Beautiful comic illustrates ugliness of capitalism

John Riordan's "Capital City" reads like a child's fairytale, but looks like a fever dream.

Artist (and, full disclosure, friend) John Riordan has produced a fantastic comic, inspired by Blake's Prophetic Books, which tackles the ugliness of modern capitalism.

John writes about the project (with some pictures of his process at the link) that:

In the same way as Blake explored the big issues of his day, eg the American Revolution, I decided to try to tackle the big, ugly mess of our current economic cock-up in a phantasmagorical, pseudo-mythological narrative. This involved reading and trying to understand some books on economics, writing poetry (bring me my flouncy blouse) and figuring out a new aesthetic, less indebted to my previous comicsy-style and more rooted in messy paint, pastels and ink.

I've wanted to see the finished work since I first saw the watercolour originals, and with his permission, I'm reposting the whole comic here. Click on each image to see it full size, and if you want to read it in print (John uses the physicality of the page very nicely) it's for sale here.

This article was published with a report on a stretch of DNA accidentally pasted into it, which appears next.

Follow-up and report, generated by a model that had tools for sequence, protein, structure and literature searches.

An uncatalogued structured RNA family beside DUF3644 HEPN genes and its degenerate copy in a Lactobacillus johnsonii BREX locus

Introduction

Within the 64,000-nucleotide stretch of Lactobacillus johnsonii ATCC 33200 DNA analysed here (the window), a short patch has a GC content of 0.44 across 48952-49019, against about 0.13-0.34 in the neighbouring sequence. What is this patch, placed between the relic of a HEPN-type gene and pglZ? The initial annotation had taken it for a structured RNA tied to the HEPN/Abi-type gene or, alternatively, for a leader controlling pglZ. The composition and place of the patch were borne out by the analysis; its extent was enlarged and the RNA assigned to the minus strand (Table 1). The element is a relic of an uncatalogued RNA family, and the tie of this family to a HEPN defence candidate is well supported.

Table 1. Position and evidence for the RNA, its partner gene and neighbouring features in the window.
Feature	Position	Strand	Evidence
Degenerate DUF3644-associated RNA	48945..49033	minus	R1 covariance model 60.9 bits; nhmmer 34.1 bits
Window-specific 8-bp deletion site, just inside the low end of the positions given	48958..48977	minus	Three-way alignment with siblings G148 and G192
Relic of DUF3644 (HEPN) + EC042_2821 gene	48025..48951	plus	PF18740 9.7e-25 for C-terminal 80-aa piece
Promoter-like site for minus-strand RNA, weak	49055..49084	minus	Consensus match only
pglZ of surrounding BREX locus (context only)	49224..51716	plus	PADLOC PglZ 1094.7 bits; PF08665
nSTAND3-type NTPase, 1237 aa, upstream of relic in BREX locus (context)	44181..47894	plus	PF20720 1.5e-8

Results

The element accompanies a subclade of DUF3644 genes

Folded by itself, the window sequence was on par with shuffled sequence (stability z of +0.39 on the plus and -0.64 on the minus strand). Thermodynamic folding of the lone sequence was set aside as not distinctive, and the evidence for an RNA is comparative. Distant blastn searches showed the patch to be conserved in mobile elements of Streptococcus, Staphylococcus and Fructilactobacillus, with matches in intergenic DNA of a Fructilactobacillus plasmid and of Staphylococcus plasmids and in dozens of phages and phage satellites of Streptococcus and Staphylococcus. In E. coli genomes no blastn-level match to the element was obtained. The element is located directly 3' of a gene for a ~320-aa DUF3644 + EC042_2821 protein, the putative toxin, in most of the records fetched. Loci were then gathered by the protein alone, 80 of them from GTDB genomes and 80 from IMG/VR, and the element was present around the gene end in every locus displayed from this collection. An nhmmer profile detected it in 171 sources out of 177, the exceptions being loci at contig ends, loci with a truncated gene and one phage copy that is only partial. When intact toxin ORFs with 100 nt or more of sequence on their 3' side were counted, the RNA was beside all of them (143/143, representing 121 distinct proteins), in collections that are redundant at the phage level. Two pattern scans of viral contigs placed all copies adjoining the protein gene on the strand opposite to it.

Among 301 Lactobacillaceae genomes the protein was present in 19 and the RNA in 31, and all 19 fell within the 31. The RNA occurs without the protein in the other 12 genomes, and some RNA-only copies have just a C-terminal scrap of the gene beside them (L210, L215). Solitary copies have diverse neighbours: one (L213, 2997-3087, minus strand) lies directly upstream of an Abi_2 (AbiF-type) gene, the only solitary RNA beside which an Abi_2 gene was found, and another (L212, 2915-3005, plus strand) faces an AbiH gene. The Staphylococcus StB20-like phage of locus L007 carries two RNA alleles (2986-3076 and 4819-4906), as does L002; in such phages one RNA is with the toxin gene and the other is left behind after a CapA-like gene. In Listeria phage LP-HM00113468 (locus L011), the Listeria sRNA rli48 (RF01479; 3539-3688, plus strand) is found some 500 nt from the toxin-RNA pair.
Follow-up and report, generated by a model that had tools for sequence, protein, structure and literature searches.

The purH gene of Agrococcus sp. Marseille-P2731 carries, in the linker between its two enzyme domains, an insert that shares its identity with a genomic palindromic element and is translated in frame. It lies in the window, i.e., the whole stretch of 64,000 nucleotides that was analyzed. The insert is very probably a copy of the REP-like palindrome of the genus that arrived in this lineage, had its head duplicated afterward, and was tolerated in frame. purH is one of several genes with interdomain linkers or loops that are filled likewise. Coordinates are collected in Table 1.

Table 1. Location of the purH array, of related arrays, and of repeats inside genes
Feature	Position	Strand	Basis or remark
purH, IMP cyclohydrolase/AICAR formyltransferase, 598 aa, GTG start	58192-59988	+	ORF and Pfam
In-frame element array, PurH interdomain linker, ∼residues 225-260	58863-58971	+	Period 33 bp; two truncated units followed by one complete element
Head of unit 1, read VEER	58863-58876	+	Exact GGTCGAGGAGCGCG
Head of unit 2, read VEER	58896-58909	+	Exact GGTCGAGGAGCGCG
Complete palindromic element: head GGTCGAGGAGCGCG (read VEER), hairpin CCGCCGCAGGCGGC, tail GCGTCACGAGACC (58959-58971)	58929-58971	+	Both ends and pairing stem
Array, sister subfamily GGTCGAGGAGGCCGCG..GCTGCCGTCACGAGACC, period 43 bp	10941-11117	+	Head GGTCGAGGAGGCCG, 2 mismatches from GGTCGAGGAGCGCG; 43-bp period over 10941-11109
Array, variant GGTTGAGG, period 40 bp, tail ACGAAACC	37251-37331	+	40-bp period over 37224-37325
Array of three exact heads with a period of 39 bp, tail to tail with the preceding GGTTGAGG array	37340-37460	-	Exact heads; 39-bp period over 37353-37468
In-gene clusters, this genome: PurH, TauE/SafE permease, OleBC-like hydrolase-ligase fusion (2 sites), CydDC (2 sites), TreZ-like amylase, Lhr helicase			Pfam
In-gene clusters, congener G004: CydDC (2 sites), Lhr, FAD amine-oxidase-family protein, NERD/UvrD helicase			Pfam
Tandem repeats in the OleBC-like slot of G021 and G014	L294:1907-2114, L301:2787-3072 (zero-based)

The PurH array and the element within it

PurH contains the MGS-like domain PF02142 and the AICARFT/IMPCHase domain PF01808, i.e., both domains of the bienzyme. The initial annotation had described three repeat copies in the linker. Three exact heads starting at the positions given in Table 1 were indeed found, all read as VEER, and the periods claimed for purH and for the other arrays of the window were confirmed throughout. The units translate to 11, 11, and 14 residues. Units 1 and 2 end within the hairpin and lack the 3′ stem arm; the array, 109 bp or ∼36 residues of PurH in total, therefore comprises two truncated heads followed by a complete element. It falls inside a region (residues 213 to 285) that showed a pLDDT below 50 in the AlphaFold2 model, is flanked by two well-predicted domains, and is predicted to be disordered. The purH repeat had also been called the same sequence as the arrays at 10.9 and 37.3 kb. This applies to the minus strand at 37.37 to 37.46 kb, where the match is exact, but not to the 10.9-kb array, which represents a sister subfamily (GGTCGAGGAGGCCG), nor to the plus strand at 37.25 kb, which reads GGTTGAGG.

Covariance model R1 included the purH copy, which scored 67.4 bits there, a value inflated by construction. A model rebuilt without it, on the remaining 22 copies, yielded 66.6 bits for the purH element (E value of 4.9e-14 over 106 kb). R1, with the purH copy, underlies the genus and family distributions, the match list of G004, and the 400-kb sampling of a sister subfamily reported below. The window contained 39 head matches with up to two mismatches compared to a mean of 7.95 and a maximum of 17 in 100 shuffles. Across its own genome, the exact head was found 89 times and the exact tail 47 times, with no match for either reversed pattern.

Alex Hern is a technology reporter for the Guardian. He was formerly staff writer at the New Statesman. You should follow Alex on Twitter.

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"Samphire": a poem by Alison Brackenbury

"Yet how it waved, in coast’s late light. . . ."

My grandmother could cook it, for
she grew up by that dangerous shore
where the sea skulked without a wall

where I have seen it, tough as grass,
where silent men with rods trooped past
its salty ranks, without a glance.

Lear’s gatherer hangs perilously.
Why? So much is closed to me.
Did Shakespeare ever hear the sea?

Once, said my father, far inland,
from friend or stall, one clutch was found,
steamed, in my grandmother’s great pan.

Once, a smooth leaflet from a shop
claimed they could “source it”, but they stocked
bunched, peppered cress – Another gap.

Yet how it waved, in coast’s late light,
stalks I will never taste, could make
tenderly dark, my coast’s sly snake,
salt on my tongue, before I wake.

Alison Brackenbury is an award-winning poet. Her ninth collection, Skies, will be published by Carcanet in March

This article first appeared in the 11 February 2016 issue of the New Statesman, The legacy of Europe's worst battle